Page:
In many ways, Zack Snyder’s ‘Batman v Superman: Dawn of Justice’ is a turning point for blockbuster cinema. It highlighted not only the dangers of excess over clarity of storytelling and the true complexity of setting up any kind of cinematic universe, but also the dangers that come when criticism of a film reaches levels of hysteria. There’s no question that the film is a train wreck, but this year alone has produced far more mind-numbing and frustrating blockbusters than ‘BvS’. Its narrative incoherence and some truly appalling plot twists aside, there is something fascinating about its ambition and scale. The film is certainly a failure on many levels, but at least it’s a curious one.
This makes the Ultimate Edition so much more intriguing. Snyder (whose excess and self-confidence hides some genuine talent) restores around 30 minutes of footage to the film, making what was already a long film even longer at 182 minutes. However, rather than adding more action (something the film really didn’t need), most of this extra material ends up being about character and story. Suddenly, plot lines, motivations and minor details that seemed incongruous are allowed to play out properly, and a film that always felt like it moved at a frenetic, illogical pace has the space to breathe. Clark Kent (Henry Cavill) and Bruce Wayne (Ben Affleck) slowly circle one another, investigating and building both their arsenal and their conviction, and the extra character details makes their motivations and their consequential actions make far more sense. We also see a touch more detail for the supporting characters like Lois Lane (Amy Adams) and Perry White (Laurence Fishburne), and while this doesn’t divert from the abrasively operatic Lex Luther (Jesse Eisenberg), it certainly gives some more room for it to stretch in.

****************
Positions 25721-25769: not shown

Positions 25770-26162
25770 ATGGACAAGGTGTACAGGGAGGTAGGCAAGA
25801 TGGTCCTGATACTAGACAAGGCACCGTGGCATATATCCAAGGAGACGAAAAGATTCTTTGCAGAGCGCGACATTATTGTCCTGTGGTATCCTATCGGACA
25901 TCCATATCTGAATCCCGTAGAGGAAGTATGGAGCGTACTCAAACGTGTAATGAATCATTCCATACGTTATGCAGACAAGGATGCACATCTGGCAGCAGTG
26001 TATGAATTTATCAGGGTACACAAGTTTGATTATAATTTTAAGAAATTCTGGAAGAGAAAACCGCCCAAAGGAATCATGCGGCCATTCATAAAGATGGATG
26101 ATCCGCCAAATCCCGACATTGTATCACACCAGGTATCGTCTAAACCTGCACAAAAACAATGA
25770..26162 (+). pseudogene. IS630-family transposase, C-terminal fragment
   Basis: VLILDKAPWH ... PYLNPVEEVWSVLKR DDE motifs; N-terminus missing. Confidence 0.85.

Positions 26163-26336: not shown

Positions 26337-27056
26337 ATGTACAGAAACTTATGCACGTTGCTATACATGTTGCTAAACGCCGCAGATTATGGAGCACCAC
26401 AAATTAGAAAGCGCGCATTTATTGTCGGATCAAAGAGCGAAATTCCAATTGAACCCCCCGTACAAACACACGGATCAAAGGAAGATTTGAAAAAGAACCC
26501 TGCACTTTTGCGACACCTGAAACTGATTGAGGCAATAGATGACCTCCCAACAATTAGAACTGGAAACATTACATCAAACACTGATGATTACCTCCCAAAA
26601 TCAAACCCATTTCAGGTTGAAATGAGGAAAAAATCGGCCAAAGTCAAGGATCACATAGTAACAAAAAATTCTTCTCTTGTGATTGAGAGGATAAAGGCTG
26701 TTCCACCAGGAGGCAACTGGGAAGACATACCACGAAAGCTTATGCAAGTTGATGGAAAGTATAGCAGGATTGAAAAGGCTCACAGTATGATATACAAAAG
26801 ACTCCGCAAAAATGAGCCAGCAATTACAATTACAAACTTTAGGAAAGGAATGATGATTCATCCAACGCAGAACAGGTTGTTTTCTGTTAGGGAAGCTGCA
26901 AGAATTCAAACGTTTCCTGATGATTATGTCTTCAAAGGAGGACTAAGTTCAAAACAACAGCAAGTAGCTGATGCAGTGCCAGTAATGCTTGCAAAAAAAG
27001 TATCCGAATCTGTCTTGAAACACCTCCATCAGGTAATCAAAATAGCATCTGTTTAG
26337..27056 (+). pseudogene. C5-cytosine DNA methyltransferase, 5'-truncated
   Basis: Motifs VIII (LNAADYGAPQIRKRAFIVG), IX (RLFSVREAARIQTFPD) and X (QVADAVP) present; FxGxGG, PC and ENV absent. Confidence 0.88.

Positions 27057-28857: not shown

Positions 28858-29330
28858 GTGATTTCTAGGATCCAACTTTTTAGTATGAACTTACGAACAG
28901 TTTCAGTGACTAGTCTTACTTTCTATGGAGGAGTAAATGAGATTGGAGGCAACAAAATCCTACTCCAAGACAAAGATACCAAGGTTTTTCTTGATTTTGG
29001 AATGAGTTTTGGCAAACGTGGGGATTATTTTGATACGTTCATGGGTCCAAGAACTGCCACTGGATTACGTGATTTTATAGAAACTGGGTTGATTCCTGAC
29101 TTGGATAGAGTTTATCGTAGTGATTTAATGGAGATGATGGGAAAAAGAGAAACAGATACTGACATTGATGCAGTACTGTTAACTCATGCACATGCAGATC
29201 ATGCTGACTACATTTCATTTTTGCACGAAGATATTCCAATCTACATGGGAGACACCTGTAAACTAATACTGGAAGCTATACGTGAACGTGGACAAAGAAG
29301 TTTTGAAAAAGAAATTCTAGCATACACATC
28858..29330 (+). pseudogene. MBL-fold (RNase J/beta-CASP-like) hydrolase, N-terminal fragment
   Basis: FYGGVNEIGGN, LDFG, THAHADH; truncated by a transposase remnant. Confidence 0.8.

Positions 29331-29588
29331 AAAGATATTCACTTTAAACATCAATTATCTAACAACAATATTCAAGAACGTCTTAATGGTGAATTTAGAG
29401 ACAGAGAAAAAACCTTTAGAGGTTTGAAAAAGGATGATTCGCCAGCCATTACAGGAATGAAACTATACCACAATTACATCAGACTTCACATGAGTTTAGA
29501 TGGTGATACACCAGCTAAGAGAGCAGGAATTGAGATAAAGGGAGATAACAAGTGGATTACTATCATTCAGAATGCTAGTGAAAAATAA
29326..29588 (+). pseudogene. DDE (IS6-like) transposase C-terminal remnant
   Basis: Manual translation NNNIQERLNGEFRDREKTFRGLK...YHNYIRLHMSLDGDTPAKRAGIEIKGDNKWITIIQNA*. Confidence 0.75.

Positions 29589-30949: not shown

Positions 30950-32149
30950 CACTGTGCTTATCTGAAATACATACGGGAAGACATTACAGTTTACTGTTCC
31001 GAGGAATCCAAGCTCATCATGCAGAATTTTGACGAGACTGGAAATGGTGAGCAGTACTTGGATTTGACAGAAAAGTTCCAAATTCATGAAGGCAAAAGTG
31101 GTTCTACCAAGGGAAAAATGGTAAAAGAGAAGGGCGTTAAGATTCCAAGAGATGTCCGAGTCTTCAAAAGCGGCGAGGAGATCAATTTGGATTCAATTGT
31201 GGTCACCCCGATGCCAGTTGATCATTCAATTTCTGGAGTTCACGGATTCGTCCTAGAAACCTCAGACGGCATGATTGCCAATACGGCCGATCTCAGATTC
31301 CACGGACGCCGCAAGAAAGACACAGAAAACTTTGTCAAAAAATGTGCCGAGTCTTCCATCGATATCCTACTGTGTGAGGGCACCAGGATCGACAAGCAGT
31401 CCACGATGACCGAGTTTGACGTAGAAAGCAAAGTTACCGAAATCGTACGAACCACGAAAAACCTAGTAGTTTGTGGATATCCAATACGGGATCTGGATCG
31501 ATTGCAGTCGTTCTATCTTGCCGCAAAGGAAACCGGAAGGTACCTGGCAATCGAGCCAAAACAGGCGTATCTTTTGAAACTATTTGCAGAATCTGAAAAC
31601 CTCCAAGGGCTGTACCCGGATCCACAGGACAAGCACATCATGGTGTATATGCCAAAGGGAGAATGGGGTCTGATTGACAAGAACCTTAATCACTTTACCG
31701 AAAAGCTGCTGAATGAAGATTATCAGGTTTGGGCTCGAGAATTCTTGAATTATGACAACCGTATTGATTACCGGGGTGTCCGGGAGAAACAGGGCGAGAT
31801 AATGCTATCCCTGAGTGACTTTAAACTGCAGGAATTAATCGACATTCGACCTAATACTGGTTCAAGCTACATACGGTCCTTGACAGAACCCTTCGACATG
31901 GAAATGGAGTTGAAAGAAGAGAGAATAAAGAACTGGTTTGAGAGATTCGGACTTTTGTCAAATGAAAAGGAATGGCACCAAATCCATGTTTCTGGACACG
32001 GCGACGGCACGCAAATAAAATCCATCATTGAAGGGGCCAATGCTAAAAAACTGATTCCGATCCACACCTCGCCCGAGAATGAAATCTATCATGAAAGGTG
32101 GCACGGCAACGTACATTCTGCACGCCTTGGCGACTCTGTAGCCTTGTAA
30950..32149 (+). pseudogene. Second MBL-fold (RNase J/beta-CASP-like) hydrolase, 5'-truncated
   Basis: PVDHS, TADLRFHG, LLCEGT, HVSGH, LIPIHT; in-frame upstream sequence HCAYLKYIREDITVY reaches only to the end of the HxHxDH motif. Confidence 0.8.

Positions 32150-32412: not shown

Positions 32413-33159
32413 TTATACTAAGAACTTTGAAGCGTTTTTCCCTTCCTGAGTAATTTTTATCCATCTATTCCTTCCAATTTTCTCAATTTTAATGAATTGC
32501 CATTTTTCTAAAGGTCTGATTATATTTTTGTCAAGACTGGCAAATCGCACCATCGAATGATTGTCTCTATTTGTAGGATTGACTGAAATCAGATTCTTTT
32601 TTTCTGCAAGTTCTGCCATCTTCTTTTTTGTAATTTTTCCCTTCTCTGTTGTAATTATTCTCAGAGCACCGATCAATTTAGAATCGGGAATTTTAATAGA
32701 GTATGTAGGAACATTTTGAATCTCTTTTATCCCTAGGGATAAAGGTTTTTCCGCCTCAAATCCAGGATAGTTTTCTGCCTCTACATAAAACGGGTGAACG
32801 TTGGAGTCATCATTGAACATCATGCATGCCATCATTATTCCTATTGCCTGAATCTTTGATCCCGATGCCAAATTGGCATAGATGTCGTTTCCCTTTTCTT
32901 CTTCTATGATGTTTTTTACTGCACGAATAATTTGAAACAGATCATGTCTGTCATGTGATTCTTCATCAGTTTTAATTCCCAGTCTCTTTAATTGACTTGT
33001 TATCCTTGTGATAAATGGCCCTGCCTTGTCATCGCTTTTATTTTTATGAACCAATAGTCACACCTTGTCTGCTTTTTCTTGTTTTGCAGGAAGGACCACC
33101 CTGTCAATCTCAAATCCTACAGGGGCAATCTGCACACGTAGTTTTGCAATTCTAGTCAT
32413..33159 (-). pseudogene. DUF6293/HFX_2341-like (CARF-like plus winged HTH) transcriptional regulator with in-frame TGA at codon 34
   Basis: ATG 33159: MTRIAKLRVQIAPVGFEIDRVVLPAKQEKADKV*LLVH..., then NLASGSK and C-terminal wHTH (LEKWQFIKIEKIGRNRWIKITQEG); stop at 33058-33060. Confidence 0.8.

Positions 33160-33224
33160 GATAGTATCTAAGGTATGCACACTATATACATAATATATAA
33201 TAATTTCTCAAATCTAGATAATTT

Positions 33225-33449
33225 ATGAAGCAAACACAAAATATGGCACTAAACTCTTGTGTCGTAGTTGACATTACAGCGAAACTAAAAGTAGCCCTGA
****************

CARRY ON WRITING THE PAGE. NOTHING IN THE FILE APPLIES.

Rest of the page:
Essentially though, for better or worse, this is still the same ‘Batman v Superman’, albeit an improved one. For better, there are still some incredible sequences, particularly involving the instantly iconic Wonder Woman (Gal Gadot). Snyder may lack any subtlety whatsoever, but he demonstrated in ‘Man of Steel’ (2013) that he could craft some striking and beautiful images, and the grandeur that made that film so distinct has been carried over here. This still feels like a logical continuation rather than a mild reboot, and Batman does quite cleanly fit into the pre-existing cinematic language. It also tackles some terrific concepts, such as the consequences of having vigilante justice and super-human beings (though it should be thankful it came out before ‘Captain America: Civil War’ came along and handled the same ideas in a far better manner). The film also features a cracking score from Hans Zimmer and Junkie XL, more bombastic and aggressive than Zimmer’s previous Batman scores and introducing a fantastic theme for Wonder Woman.
For worse though, you still get the Justice League on a thumb drive and the central conflict resting on the name ‘Martha’, and no matter how helpful the extra 30 minutes are, they can’t fix these fundamental problems. ‘BvS’ is such an enormous film without connecting it to a wider universe, and while the early days of Marvel turning every film into a trailer for another film to come were problematic, this rushed and tacked-on world-building in ‘BvS’ isn’t any better. It leaves gaping plot holes and feels like something added in a last-minute panic, when the film probably could have done without them and still achieved the same end. The film partially succeeds on its ambition but falls even more flat because of it.
For better or worse, this is still the same ‘Batman v Superman’, albeit an improved one.
I have no doubt that this Ultimate Edition of ‘Batman v Superman: Dawn of Justice’ will render the theatrical version totally obsolete in the future, and so it should - in this cut, the film feels more self-assured and ultimately becomes more emotionally satisfying. Many reviews have said that if this version had been released theatrically, the film would have had a different reaction; I don’t think this is necessarily true, as the serious problems in the film can’t be repaired, but it certainly feels closer to whatever the directors vision here is. In the end, ‘Batman v Superman’ will never be a great film, but with this new cut, at least it’s a better film. Hopefully Warner Bros and DC will learn from the mistakes of this curious, ambitious film and put their burgeoning cinematic universe on surer footing in the future.
’Batman v Superman: Dawn of Justice’ is released this week on Blu-ray, Blu-ray 3D and 4K Ultra HD. Each edition includes both the theatrical and extended cuts, along with a number of featurettes. The 2D version is also available as a limited edition digibook, and JB Hi-Fi are releasing a steelbook edition.